Preservation takes a certain measure of passion. And so it was fortunate for the town of Mineral Point, Wisconsin, that two men passionate about the past settled down in this quiet rural corner of the state and applied their love of antiques, art, and architecture to preserving the Cornish mining history of Mineral Point.
A graduate of the Art Institute of Chicago and a Mineral Point native, Bob Neal met Edgar Hellum in 1934, as the historic Cornish miners’ cottages of Shake Rag, the community across from the mine, were falling into decay. They decided to preserve one, buying an 1890s stone miner’s cottage. Artists found these old homes inexpensive, but in need of a great deal of work.
To support their restoration efforts, the couple applied their gourmet cooking skills to open a restaurant they called Pendarvis, featuring Cornish food. John’s Cousin Gertie, who lived in nearby Dubuque, dined at Pendarvis during its heyday, as did Marjorie Kinnan Rawlings and other literati. It’s said that Frank Lloyd Wright, who also lived not far away, was a regular.
Pendarvis started out as a tea room and expanded into a destination restaurant. Neal and Hellum gave it the name after a town on the map of Cornwall whose name they especially liked.
Pendarvis today is a complex of historic buildings maintained by the Wisconsin Historical Society. It includes several restored miner’s homes as well as interpretive displays. An interpretive trail connects each of the buildings in the complex.
Homes and History
The first stop provides general information on Pendarvis – the historic restaurant and homestead – as well as the Merry Christmas Hill Mine across the road, which produced ore through the early 1900s.
Entering the next cottage on the ground floor, you see exhibits on mining, including miner’s equipment and minerals found in the Mineral Point area. Climbing upstairs, you walk through rooms furnished to the period when the miners lived in this neighborhood. A root cellar burrows into the hillside behind the home.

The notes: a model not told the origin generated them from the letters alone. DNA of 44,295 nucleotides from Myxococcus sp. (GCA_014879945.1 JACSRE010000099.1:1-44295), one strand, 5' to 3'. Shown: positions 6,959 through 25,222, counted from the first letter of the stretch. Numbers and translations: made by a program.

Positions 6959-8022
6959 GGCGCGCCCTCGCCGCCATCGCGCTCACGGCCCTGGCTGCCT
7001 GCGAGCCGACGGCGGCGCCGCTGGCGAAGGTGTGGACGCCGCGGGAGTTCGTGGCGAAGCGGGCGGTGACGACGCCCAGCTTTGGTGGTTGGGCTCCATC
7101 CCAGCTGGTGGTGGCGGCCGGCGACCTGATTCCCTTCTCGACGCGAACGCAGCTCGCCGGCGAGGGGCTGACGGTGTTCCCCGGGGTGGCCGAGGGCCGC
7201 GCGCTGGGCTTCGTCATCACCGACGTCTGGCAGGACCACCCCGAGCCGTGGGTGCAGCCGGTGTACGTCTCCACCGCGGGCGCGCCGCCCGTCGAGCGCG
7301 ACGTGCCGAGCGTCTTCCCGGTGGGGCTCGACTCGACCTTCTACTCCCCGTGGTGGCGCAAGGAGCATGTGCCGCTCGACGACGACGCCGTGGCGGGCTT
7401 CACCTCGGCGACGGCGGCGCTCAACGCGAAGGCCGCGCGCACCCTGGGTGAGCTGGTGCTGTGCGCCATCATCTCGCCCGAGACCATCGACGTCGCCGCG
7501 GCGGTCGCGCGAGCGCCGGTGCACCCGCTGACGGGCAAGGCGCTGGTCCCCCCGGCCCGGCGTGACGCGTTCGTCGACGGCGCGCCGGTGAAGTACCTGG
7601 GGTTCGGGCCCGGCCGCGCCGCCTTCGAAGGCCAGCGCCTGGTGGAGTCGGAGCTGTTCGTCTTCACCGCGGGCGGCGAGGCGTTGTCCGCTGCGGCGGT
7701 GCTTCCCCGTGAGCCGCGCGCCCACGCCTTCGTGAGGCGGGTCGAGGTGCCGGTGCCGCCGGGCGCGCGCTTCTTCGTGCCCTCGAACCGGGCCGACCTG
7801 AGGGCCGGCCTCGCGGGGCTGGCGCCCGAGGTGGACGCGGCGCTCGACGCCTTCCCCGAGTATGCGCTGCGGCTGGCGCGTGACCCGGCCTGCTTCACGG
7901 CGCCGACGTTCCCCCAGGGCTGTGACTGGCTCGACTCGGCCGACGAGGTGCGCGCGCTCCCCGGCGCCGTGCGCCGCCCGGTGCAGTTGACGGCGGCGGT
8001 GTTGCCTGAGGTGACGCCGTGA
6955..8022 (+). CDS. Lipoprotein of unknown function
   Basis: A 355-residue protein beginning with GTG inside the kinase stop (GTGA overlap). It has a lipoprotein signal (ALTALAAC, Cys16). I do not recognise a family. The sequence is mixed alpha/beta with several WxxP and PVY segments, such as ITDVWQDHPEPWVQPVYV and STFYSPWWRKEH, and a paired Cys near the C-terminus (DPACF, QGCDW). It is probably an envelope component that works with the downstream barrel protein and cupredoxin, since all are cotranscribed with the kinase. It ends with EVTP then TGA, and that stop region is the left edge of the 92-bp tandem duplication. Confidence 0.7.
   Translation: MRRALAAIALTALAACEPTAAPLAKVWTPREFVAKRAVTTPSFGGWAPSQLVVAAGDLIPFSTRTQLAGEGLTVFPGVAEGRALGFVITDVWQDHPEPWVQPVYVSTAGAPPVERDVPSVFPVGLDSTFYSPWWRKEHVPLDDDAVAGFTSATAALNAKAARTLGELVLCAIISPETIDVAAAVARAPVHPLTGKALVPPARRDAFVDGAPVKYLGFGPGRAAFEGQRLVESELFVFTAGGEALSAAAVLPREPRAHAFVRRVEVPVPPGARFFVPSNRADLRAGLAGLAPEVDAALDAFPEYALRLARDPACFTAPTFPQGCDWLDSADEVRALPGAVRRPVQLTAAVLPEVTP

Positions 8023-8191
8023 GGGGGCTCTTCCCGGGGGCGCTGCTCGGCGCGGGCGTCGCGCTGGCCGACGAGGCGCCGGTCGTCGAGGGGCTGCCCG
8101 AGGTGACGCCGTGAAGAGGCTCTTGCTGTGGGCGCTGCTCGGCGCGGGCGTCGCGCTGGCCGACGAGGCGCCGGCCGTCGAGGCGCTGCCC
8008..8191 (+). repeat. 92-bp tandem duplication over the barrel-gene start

Pendarvis, where Neal and Hellum lived, is restored to look like the 1940s, its living room filled with classy antiques, and restaurant ephemera showcased in the kitchen and dining areas. Stone terraces provided additional outdoor seating and a view of the Olympic-sized pool across the road, built by the CCC adjacent to the mines.
A path leads to a “rowhouse” cluster past the divot of the location of a former home. It now includes staff space, an art gallery, and event venue, but is anchored at the end by an 1830s cabin where a miner’s family once lived. This miner, and many others, hightailed it out of Mineral Point in 1849 for the California Gold Rush, figuring they’d make more money with gold than with zinc.
In 1970, Neal and Hellum decided to retire, and wanted the historic complex to go into the right hands. A year later, Mineral Point became the first Wisconsin community on the National Register of Historic Places. Its new owners, the Wisconsin Historical Society, opened Pendarvis for public tours.
Mineral Point Mining
Cross the street to Merry Christmas Mine Hill to explore the old mine. A hiking trail guides you up the steep hill.
The earliest mines here were to extract lead. In the 1820s, miners would dig holes with picks and shovels. Since these looked like big badger holes, the “badger” nickname for the miners would eventually lead to Wisconsin being known as “The Badger State.” If you’ve ever been to the State Capitol Building, the Badger has a place of honor there.
But in the heyday of Mineral Point, zinc was the mineral of interest. It was then that deep shafts were sunk and tracks laid to use ore carts and skips to remove larger quantities of ore from the hill. It’s best to stick to the trail, since there are still mine shafts in the woods and fields on the hill.
Along the hike, you’ll pass an ore cart on your way to the top of the hill. As you follow the trail, there are other bits and pieces of history to peek into, including large buckets, a steam engine, and the main building for the mine.
As you hike on Merry Christms Mine Hill, a restored 43-acre patch of Wisconsin prairie rolls off into the distance. It’s a colorful, wildflower-rich reminder of what was a primary habitat across this southwestern portion of Wisconsin prior to agriculture taking root, converting prairie to pasture and cornfields.
Pendarvis is open May-Oct daily 10-5, with guided tours. $10 adult admission.